As the authors note, improv classes often attract serial workshoppers who might have no hope of performing due to job or family demands or a debilitating lack of funny, but who enjoy the social experience:
It's not at all uncommon for participants in an improv workshop to go out for drinks afterward. I've certainly benefitted from the social aspects of improv and hope to do so for many more years.
From Boulder, L.A., and New York they went on to destinations including Japan, Scandinavia, Tanzania, and Peru. That last destination cast McGraw and Warner as clowns on a team led by Hunter "Patch" Adams (made famous by the movie starring Robin Williams). The team's mission is to bring relief to a village in the Peruvian Amazon. McGraw started as a clown but transitioned to the role of civilian guide and overseer, as befitting his experience as an impartial observer of humor. Warner, the journalist, dug into his role as a clown...he is told and personally discovers that, when you put on the nose, you have permission to "go insane" in the sense that you become someone else.
That sentiment, of losing oneself in your clown character, echoes the thoughts of Keith Johnstone. Johnstone founded the Loose Moose Theatre in Calgary and invented Theatre Sports (the inspiration for ComedySportz, the organization I've performed with since 1996). In his classic book Impro, he described mask work as an opportunity to lose yourself in another entity. The pull can be so strong that everyone must agree to take their masks off when directed to do so. It's a powerful technique and should not be attempted by beginners.
The Book as a Book
I enjoyed the progressive narrative, which chronicled the authors' experiences and worked McGraw's theories into the story's flow. This approach stands in contrast to other recent participatory journalism titles I've reviewed, which alternate between the author's experiences and history or theory. For example, Tower of Babel alternates between chapters about extreme language learners of the present day and the history of an Italian priest who was famous for his linguistic skills. Similarly, Moonwalking with Einstein alternates between the author's preparation for and participation in the U.S. national memory competition and the history and practice of memorization. There's nothing wrong with either framework, but I personally enjoyed a break from the strict alternating chapter approach.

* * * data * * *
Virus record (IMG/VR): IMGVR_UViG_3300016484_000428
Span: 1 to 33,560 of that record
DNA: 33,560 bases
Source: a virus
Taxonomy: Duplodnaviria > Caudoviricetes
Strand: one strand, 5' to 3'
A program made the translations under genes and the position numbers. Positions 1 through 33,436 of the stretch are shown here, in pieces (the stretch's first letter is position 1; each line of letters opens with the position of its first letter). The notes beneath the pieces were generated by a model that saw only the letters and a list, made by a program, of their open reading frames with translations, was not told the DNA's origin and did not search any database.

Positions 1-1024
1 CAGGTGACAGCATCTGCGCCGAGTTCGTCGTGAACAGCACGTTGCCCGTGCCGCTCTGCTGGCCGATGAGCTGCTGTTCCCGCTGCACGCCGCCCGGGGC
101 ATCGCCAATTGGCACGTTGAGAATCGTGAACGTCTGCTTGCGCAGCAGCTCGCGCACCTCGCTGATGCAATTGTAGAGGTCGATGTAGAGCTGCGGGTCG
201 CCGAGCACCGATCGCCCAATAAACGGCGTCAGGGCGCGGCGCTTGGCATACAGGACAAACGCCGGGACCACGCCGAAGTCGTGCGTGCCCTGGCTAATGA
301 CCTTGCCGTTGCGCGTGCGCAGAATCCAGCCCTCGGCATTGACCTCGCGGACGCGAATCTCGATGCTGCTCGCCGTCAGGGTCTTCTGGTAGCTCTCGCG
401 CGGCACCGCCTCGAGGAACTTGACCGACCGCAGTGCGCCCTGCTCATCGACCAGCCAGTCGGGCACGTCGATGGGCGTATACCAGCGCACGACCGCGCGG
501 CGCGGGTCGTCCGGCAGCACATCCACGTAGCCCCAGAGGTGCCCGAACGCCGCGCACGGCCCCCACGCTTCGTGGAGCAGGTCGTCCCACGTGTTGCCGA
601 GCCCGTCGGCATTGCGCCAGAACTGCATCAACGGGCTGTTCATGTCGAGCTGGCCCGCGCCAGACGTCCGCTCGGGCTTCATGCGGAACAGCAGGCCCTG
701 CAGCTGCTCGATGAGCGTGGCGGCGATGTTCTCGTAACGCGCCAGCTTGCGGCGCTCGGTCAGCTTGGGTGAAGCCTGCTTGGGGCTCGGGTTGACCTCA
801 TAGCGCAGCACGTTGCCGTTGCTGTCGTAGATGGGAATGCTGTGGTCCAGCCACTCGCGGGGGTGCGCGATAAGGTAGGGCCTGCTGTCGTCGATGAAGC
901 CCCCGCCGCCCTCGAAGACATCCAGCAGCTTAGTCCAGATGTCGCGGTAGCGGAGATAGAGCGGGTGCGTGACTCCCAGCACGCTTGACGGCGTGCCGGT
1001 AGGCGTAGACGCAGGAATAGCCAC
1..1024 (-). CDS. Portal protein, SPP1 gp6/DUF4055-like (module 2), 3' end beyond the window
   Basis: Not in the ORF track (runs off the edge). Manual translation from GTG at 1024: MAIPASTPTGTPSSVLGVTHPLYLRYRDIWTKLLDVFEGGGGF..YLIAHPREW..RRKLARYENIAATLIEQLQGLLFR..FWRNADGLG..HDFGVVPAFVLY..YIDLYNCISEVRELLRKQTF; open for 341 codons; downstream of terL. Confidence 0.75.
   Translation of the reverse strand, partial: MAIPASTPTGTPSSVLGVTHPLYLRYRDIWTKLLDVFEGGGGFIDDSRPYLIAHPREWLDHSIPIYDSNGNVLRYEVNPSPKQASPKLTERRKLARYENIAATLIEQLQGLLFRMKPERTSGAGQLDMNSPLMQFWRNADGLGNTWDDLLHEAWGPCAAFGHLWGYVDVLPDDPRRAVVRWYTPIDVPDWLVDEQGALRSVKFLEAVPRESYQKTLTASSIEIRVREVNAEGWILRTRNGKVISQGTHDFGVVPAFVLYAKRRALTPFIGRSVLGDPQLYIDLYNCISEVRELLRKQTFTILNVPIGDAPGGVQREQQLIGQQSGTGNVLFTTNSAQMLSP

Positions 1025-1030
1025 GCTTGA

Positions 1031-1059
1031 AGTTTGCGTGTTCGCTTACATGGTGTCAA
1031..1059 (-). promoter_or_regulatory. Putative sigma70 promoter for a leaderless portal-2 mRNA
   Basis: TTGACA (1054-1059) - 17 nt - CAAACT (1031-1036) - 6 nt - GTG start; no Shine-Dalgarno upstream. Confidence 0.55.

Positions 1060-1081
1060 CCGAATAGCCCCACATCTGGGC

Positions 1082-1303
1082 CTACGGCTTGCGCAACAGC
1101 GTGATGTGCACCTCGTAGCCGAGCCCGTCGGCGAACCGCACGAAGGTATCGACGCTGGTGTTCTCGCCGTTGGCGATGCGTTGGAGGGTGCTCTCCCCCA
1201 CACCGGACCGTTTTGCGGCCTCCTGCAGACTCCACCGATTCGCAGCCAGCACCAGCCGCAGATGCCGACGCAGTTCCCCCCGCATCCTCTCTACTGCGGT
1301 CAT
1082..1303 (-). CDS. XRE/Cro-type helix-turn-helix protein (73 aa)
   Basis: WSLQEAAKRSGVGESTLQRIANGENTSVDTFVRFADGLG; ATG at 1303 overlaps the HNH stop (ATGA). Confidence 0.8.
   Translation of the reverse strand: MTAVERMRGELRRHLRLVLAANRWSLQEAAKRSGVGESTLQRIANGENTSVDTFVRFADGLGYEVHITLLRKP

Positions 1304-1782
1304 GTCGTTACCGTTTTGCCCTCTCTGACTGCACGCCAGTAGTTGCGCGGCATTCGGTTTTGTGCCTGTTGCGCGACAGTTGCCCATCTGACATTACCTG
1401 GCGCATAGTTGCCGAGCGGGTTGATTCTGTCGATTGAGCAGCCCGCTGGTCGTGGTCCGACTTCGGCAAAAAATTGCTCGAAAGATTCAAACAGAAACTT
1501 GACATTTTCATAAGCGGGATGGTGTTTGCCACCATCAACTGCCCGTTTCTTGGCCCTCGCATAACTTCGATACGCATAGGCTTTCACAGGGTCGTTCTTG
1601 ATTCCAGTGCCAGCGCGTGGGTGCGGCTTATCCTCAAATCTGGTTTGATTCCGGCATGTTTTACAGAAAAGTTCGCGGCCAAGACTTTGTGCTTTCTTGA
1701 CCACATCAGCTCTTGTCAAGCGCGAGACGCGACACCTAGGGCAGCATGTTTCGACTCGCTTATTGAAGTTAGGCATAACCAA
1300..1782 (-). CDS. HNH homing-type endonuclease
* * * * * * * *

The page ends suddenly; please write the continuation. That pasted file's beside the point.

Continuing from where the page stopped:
I also appreciated the authors' journey as human beings. Their work as part of the clown mission to the Amazon village came at the end of the arc that started in the developed world, continued through developing Africa, and ended in a subsistence-level community. Though they never explicitly stated that they understood at a visceral level where they'd gone wrong with Louis C. K., I bet they knew.
At the end of The Humor Code, McGraw goes on stage in Montreal and doesn't bomb. I'll leave the specifics of his solution as a surprise for when you read the book, but as a nerd who does comedy I appreciated how he solved the problem of presenting at a comedy festival without being an experienced comedian. Highly recommended.
Curtis Frye is the editor of Technology and Society Book Reviews. He is the author of more than 30 books, including Improspectives, his look at applying the principles of improv comedy to business and life. His list includes more than 20 books for Microsoft Press and O'Reilly Media; he has also created more than 20 online training courses for lynda.com. In addition to his writing, Curt is a keynote speaker and entertainer. You can find more information about him at www.curtisfrye.com and follow him as @curtisfrye on Twitter.